The tricky thing about racism is that when you allow and approve one type of racist thought you tend to get more than you originally authorised.
The alleged racist abuse suffered by Rangers player Maurice Edu should not come as a surprise to anyone with any knowledge of the Ibrox sub-culture.
The possibility that some Rangers supporters had been involved in racist activity towards someone from an ethnic minority didn’t exactly challenge my worldview.
This is what Rangers is about for many of the Ibrox faithful. It is what defines them as a human community.
A specific type of racism lies at the heart of the bedrock support of Scotland’s establishment club.
The Irish community in Scotland and the Irish in general have a central place in the Ibrox belief system as the bete noire. The Irish who settled in Scotland are the enemy within par excellance for the followers of the Ibrox club.
Several things of this story are worth considering. The method of transmission. It was straight form the player himself via twitter.
The traditional media galloped to stay up with the story as it was disseminated via supporter’s message boards long before the print editions of the dailies had been dispatched in delivery vans.
Those in the “old media” who sneer at the digital age are increasingly sounding like defensive craft guilds that are rapidly being pushed into a form of cultural Luddism.
Twitter was one of the main conduits for information during the Iranian election crisis.
This technology can’t be referred to as the future.
It is here now.
With the Edu story people reading the back pages the next day already knew the basics of the story.
This makes it harder for a craven group of onside hacks to deliver for a vested interest.
Edu himself said that a “couple” of Rangers fans had racially abused him.
In the club statement it was ONE fan.
The tabloids faithfully followed the lone racist story.
Of course what cant happen in the Scottish tabloids is for their to be an analysis of why this incident should happen and could be connected to the overall identity and belief system of many thousands of Rangers supporters.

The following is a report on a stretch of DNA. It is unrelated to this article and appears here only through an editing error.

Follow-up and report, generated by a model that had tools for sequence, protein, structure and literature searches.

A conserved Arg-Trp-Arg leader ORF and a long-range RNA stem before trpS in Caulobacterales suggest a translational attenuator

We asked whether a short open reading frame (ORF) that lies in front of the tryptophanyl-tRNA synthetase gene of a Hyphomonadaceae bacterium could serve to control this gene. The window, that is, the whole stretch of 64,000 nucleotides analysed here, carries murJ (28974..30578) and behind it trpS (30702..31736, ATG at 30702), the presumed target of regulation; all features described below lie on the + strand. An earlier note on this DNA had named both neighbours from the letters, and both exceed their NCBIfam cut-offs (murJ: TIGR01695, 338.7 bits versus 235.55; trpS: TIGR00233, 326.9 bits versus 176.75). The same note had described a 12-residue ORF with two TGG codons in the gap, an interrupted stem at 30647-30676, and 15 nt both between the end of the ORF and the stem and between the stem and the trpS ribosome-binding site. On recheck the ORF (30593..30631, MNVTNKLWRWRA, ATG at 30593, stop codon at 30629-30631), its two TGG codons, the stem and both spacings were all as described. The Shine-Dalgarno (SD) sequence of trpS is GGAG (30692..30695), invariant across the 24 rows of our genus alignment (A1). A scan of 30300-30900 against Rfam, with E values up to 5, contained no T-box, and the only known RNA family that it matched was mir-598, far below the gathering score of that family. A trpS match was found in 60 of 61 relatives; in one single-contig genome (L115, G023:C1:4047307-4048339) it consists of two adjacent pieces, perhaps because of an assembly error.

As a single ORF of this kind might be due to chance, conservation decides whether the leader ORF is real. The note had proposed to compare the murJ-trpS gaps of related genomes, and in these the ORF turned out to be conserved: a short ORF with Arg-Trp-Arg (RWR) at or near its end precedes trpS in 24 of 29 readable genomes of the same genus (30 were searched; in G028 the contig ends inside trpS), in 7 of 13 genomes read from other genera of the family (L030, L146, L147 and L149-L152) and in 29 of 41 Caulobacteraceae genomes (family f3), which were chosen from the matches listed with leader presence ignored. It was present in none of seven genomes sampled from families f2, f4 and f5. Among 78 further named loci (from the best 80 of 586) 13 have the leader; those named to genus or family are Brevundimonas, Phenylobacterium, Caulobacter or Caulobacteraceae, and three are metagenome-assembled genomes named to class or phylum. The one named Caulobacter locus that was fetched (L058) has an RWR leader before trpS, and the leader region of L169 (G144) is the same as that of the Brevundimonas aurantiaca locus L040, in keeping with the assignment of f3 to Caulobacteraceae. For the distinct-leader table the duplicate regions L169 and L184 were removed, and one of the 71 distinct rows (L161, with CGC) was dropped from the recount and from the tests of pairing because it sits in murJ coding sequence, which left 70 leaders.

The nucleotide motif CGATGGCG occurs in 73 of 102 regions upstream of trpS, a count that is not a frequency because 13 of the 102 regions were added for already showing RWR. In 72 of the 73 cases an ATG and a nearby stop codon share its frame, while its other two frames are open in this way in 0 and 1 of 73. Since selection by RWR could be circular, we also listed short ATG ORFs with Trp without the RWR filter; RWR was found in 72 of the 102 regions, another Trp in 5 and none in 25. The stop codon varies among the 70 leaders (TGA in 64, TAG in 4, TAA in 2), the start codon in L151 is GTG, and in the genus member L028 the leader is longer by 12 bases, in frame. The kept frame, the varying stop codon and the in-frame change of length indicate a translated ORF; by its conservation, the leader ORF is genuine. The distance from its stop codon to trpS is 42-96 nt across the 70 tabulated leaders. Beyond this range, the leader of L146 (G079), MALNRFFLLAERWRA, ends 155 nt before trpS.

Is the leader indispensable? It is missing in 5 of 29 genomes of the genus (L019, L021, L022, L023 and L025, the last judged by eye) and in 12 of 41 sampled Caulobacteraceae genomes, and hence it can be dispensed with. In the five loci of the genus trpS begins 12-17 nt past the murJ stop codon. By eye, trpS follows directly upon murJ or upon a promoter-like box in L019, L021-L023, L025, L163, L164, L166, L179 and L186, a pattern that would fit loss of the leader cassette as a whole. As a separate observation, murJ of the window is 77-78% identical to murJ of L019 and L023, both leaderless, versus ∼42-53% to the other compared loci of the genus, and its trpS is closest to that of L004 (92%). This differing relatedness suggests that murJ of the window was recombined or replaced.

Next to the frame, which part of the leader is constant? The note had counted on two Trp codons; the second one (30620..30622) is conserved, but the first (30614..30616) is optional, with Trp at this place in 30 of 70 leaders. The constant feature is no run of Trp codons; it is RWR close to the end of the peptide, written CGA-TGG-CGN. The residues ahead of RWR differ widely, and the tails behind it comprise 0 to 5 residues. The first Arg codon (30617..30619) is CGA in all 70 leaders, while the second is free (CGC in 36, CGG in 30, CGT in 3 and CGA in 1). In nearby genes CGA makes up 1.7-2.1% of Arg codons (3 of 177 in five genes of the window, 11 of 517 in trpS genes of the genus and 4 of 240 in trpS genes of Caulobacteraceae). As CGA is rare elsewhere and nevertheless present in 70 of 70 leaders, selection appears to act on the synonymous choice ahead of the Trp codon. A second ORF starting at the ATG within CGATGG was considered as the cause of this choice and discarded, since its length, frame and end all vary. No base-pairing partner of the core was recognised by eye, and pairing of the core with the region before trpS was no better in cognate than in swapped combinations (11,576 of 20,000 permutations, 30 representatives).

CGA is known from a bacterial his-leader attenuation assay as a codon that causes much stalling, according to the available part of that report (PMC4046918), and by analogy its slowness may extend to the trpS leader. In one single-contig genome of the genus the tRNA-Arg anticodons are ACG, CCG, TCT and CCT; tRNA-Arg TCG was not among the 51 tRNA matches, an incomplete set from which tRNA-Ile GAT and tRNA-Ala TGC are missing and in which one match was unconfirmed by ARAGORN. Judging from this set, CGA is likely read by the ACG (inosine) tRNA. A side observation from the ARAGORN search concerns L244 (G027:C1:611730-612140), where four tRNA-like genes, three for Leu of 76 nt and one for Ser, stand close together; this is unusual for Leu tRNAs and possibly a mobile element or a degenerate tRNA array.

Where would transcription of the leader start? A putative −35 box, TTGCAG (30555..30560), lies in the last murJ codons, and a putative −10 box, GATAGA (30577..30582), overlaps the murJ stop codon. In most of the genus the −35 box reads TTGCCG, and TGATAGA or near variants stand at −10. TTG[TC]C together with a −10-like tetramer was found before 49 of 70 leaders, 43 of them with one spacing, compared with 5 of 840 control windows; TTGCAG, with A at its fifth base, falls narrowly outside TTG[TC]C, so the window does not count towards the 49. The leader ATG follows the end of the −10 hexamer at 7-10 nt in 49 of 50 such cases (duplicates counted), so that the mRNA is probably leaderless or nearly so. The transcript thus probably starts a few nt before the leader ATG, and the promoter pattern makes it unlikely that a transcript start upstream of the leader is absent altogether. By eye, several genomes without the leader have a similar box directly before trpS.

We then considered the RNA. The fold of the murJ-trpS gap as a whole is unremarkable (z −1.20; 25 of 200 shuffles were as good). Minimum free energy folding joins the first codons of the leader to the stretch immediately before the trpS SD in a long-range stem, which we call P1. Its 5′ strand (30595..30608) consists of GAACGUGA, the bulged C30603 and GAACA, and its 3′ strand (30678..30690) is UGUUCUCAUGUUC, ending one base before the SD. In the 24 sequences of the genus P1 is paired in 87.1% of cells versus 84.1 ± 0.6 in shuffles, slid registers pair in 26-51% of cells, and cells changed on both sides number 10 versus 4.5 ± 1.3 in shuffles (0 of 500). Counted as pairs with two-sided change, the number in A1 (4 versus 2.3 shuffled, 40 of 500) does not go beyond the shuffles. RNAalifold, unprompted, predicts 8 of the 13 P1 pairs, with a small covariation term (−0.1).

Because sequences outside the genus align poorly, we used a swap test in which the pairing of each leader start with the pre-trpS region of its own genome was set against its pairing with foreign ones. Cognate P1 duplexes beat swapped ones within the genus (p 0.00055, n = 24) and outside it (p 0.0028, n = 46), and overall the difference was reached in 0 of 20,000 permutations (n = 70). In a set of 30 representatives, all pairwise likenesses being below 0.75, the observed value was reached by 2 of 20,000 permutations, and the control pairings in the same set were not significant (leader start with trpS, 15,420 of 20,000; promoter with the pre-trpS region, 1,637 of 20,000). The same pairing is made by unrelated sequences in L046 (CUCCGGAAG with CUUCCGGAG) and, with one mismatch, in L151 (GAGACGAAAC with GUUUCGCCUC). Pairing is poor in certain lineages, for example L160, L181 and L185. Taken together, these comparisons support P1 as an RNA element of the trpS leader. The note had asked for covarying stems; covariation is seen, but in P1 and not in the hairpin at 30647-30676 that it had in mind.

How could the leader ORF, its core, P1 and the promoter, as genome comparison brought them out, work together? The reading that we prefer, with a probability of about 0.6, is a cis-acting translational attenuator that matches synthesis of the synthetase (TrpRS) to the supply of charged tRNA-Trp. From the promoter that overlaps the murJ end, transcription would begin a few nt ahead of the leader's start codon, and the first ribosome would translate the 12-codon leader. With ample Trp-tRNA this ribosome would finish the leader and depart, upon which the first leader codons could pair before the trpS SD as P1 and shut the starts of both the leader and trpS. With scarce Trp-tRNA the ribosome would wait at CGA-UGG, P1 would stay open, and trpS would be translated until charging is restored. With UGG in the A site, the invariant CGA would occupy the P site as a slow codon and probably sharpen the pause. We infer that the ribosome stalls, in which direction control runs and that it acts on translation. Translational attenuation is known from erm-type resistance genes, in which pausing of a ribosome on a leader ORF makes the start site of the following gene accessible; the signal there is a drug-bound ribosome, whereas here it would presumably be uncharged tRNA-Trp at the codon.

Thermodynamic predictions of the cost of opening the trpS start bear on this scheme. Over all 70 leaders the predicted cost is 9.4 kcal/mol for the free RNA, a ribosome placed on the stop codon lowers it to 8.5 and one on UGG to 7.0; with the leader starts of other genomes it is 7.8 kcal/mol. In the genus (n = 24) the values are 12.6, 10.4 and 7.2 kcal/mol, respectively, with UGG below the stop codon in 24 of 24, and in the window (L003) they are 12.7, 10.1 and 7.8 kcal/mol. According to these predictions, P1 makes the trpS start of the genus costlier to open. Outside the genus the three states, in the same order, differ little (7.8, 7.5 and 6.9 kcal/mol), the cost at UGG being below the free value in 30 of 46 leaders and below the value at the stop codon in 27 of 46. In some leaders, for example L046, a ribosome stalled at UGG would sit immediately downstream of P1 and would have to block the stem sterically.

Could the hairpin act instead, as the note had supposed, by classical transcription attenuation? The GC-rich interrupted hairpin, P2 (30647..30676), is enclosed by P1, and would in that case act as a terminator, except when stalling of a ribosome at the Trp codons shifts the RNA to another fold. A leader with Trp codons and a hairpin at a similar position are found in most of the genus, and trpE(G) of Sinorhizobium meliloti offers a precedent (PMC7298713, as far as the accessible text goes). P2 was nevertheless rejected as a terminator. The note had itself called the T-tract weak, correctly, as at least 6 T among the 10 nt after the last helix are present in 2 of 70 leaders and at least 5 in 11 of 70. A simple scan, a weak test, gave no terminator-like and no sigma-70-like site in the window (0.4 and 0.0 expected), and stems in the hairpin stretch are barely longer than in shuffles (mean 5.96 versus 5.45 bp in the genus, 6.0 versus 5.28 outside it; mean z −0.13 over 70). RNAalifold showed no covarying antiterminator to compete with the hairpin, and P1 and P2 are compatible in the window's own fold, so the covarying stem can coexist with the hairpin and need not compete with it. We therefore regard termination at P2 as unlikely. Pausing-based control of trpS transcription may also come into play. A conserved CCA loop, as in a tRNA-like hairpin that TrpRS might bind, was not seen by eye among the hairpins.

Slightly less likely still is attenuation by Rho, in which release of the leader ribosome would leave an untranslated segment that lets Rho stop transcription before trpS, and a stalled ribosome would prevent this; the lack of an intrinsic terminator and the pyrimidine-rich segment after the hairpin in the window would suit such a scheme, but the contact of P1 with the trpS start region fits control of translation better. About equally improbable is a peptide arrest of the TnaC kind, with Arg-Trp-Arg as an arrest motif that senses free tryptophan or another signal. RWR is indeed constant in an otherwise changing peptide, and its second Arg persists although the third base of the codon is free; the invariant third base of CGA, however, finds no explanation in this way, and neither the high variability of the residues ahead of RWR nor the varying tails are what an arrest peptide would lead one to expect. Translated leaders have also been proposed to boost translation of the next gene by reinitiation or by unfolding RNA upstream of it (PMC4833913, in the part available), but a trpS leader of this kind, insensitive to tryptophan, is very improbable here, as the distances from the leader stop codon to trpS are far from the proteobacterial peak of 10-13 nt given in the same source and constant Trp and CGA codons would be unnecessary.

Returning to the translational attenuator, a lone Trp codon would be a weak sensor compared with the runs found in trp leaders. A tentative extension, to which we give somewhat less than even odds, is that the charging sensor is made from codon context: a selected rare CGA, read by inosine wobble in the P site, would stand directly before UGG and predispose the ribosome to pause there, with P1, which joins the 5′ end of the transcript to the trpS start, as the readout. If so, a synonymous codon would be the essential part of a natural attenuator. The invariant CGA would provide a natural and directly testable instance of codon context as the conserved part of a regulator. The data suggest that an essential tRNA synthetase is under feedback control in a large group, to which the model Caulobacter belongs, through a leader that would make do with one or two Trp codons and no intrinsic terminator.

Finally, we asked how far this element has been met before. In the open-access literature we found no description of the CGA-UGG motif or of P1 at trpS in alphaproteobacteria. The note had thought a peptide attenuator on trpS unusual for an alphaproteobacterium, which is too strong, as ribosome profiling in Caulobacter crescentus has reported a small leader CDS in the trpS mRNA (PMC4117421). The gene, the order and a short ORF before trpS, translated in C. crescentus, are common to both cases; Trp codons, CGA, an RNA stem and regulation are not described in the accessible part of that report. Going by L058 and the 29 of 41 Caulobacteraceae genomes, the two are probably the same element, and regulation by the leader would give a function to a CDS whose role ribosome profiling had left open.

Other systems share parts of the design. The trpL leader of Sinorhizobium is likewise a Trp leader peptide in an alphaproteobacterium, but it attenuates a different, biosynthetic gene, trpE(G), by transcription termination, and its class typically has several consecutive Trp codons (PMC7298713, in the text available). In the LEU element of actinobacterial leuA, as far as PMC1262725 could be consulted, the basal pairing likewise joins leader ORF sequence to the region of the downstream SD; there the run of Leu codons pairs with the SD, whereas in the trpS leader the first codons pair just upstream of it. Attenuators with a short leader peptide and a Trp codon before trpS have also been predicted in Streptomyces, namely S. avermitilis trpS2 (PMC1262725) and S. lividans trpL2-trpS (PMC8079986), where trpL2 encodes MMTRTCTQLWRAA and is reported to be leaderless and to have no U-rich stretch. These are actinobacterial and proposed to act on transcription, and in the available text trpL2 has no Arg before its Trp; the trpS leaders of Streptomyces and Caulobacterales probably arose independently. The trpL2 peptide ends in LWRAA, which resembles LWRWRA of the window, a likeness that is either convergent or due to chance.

Throughout the “Famine Song” controversy members of the press in Scotland effectively wrote permission slips for those thousands of Rangers fans who were singing it throughout last season.
The “Famine song” has continued to be heard from Rangers supporters this season.
This is after it has been established in case law that it is racist and ipso facto illegal. The response in Scotland from the governing party and the soccer authorities apropos this ongoing anti-Irish racism is highly instructive.
Compare this to the swift and appropriate response to the racist abuse of Maurice Edu.
I have little doubt that the Ibrox club are embarrassed by this behaviour towards one of their own players.
Moreover I am also sure that those who have authority at Rangers FC would also pursue any of their own who behaved like this to a player from the opposing team with equal vigour.
The Rangers supporters trust whose spokesperson David Edgar had referred to the “Famine Song” as “a rather tasteless chant” was swift to issue a statement condemning the abuse of the young American.
There are no different types of racism, or different grades of racism
Racism is racism. Once Xenophobia is at large as part of an approved culture then it often finds new victims.
It is not up for debate that asylum seekers ands economic migrants into Northern Ireland have, in the main, received the most hostile response for the Loyalist community.
Although the central tenet of the Ulster Loyalist sub culture is a hatred and fear of the native Irish the Afrikaners of Coleraine are adaptable in the targets of their hatred.
Failure to condemn the “Famine Song” as a manifestation of anti-Irish racism and the disgraceful abuse of Maurice Edu are not unconnected.
If Rangers the supporters involved in this incident are to be rightly taken to task for abusing one of their own players (because of his skin colour) then the Ibrox support at large should also be challenged about their appalling attitudes towards the Irish.